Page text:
John Kelly Bailiff was born on the 13th February 1889 in Stranraer, Wigtownshire, Scotland to John and Ellen Bailiff. He was the eldest of 12 children, shortly after his birth his parents moved to Byram cum Sutton, Yorkshire where his father found work as a forester. When John Kelly was old enough he started working as a groom. In 1911 he was living with the Goodenough family in Monk Fryston, South Wilford. George Goodenough was a coachman, probably for Aske Hall where John Kelly was a groom. Aske Hall, Richmond was the seat of the ageing 1st Marquess of Zetland, as well as his son who would later serve as Secretary of State for India. John Kelly may have lived at Aske Hall for a while before joining the police.
On the 1st October 1912 John Kelly was appointed to the police force. At age 23 he was 5 foot 10, very tall for the time, with grey eyes and dark brown hair. This was the same year he met Mary Ann Long of Monk Fryston. John Kelly had moved to Leeds to work as a Police Constable, but on the 19th November 1913 he came back to Monk Fryston to marry Mary. As war broke out he enlisted in the army on the 1st June 1915, the same year as his first child was born.
John Kelly served in the Military Mounted Police Corps as a Lance Corporal, where he earned the Victory and British War Medals as well as the Silver War Badge. In 1917 he was gassed, leading to him being discharged on the 12th April 1917. Asthma ran in his family and the gassing left him in ill health for much of his life. He was discharged into the Army Reserve “Police” and, too ill to do much beat work, he focused on administration. He also helped to inspect farms and enforce rationing regulations around the town.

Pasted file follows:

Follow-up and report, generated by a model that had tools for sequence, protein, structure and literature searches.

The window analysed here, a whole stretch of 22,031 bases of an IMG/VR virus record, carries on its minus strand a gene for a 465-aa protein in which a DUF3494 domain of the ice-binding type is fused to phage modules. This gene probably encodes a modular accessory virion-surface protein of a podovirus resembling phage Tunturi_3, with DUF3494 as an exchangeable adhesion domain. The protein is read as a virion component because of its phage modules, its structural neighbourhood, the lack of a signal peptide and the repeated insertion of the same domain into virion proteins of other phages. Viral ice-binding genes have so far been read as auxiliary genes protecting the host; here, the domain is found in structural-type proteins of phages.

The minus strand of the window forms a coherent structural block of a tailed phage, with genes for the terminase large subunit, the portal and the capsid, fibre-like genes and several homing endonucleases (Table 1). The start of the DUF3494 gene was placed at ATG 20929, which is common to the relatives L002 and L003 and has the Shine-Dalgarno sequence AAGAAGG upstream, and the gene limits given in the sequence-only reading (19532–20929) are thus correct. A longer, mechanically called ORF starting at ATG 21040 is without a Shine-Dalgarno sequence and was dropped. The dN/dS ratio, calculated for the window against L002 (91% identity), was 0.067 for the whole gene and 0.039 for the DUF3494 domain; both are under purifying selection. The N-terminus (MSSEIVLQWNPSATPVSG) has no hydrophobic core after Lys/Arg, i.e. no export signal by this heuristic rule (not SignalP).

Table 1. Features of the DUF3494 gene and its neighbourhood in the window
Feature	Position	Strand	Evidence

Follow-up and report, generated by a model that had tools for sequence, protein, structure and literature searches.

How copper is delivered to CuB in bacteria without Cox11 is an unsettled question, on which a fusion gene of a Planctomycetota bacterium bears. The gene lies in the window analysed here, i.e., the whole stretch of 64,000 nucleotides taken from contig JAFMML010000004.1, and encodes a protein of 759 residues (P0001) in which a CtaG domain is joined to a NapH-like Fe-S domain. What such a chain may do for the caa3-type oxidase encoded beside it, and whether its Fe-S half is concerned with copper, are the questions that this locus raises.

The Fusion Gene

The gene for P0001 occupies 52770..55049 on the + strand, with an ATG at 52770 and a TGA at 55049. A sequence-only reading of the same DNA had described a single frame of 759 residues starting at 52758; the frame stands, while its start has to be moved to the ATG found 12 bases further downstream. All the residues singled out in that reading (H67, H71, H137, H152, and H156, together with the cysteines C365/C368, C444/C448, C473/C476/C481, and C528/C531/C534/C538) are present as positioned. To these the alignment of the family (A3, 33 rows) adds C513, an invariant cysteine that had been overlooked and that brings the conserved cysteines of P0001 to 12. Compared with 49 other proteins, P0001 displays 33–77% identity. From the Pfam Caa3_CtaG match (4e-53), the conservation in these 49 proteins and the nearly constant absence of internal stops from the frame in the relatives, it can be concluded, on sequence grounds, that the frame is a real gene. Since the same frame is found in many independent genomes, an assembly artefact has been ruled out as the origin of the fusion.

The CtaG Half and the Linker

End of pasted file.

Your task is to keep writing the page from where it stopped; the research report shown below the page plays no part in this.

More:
He lived in Monk Fryston until 1920 when he moved to Pontefract, in 1936 he moved again to Hatfield. He lived here with his wife and daughter eldest, Mary Bailiff in 1938 when he retired from the police. He did however continue as a Supervisor of the Watchmen for the duration of the Second World War. He still lived in Hatfield when he passed away on the 4th Feb 1951 , just over a week before his 62nd birthday.
Story and photographs kindly submitted by Betty Camplejohn.